The Old Customs House


She’s the grande dame of Victoria’s harbour, she’s a National Historic Site and she’s a rare surviving example of a 19th-century Second Empire-style federal building. With her distinct pink paint, mansard roof and hooded dormers, she is decidedly a show-off — and rightly so.


Saxe Point Park

Quieter than the city-side parks, Saxe Point is seven and a half acres of beach, gardens, green space and well-tended trails amongst mature Douglas and Grand fir trees. Perfect for picnics, meditative strolls and outdoor yoga.


Fort Commons

The revitalized brick carriage courtyard has become downtown’s inner sanctum. Grab a coffee at Discovery or some great eats from one of the eateries in Victoria’s Food Eco-district, including bordering Be Love, Yalla or Chorizo and Co., and revel in the off-street vibe in one of the city’s most creative courtyards.


Christ Church Cathedral Bells

One of this city’s delights is the sound of the cathedral bells. At Christ Church, there are 10 of them tuned in the diatonic scale of D flat. On Sunday mornings and on Tuesdays at 7 p.m., climb the 71-step tower to see the “change ringers” practicing their ancient art.


Secrets Codes on Broad Street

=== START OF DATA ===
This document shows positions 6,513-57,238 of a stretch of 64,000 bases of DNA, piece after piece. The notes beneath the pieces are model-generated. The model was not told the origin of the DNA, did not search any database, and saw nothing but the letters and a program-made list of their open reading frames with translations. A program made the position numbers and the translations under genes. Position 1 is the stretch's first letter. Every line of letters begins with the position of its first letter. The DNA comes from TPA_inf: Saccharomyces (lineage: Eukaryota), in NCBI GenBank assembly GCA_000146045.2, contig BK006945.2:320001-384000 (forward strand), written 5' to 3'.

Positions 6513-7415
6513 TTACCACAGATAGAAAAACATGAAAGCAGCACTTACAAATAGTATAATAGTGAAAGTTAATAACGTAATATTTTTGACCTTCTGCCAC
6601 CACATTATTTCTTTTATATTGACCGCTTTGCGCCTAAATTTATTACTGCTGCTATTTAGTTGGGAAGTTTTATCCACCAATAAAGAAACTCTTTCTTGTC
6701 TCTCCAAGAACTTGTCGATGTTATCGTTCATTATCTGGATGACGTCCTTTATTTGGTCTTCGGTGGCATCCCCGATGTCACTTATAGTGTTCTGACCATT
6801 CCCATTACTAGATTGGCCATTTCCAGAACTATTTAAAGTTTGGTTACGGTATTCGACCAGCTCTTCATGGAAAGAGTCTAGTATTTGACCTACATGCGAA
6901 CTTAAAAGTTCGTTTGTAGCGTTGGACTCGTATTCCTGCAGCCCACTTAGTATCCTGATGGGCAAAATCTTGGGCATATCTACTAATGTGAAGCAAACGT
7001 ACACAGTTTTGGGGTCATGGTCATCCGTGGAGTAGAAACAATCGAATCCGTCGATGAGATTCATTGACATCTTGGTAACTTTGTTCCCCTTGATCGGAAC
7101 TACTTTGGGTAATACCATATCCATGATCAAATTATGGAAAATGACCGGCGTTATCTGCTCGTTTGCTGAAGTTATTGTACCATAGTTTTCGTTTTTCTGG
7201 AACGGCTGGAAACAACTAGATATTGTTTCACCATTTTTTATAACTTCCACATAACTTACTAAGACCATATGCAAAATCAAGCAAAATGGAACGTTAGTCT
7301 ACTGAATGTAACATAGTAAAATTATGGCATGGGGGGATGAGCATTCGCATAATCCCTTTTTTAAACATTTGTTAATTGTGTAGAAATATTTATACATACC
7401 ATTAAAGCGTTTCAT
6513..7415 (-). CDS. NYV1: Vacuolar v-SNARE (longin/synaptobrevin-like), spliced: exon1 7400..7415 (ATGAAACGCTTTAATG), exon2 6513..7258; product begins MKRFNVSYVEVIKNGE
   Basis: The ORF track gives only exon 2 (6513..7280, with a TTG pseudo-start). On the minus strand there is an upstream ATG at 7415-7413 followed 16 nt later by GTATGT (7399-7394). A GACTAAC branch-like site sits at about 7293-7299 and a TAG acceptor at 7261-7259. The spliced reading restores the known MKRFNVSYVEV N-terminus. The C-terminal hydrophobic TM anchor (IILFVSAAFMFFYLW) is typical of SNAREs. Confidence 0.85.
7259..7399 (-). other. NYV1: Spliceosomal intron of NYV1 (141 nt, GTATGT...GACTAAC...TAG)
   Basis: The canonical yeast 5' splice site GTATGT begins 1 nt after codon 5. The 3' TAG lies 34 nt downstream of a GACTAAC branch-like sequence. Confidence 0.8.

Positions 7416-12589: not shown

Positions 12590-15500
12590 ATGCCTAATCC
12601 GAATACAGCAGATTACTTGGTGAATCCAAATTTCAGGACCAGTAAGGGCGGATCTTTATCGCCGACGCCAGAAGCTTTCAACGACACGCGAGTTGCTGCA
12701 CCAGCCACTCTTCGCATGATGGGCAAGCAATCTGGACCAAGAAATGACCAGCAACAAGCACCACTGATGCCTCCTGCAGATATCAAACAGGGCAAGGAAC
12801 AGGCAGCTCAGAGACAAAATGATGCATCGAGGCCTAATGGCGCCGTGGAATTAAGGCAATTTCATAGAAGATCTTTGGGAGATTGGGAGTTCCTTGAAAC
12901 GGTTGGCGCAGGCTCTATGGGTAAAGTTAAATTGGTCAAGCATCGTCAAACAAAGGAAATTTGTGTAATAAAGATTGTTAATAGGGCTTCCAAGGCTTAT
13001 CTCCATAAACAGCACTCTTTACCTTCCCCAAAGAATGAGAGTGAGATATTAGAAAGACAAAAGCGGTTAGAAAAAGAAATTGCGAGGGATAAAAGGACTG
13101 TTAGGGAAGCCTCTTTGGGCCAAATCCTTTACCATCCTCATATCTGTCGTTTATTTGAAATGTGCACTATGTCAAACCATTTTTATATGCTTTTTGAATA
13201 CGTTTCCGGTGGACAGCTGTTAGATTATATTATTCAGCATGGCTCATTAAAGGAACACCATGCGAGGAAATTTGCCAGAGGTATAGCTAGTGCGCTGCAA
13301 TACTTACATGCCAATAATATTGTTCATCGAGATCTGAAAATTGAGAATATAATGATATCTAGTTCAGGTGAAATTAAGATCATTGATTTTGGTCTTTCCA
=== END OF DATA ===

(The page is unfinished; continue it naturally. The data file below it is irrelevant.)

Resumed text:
Next time you’re on Broad, seek out Morse code messages carved in the sidewalk street-name markers. You’ll find words like “bemused” and “an opera” from Michael Kenyon’s poem Broad Street Blues, written for the street’s 1998 to 2000 revitalization. The full poem, however, with talk of the sex trade and drugs, was deemed too colourful (some would say honest). Thus, the Morse code. 


Cattle Point


Perfect for super-moon sightings, Oak Bay’s Cattle Point (where cattle once swam to shore from ships) is a Royal Astronomical Society of Canada Urban Star Park, part of a global network of Dark Sky Preserves designed to save the night sky for astronomical observation. Adjacent Uplands Park is 76 stunning acres of woodland trails, rocky outcroppings and Garry oak meadows.


Lawn Bowling

It was once forbidden by monarchs like Richard II (who feared its impact on archery), but lawn bowling is alive and thriving in Victoria, where you can play it at least nine clubs, including Beacon Hill Park’s Victoria Lawn Bowling Club, now in its 109th year. Not just for seniors, it’s now attracting the martini and millennial set too.


Blenkinsop Valley

It’s rare to find farming so close to a city. That’s just one reason Blenkinsop Valley is considered the region’s emerald. Not only is it home to one of the most peacefully scenic parts of The Goose, it’s a symbol of the need to protect Island farmlands. An autumn must is the six-acre corn maze on Galey’s Farm, a working family farm.  

This article is from the May/June 2018 issue of YAM.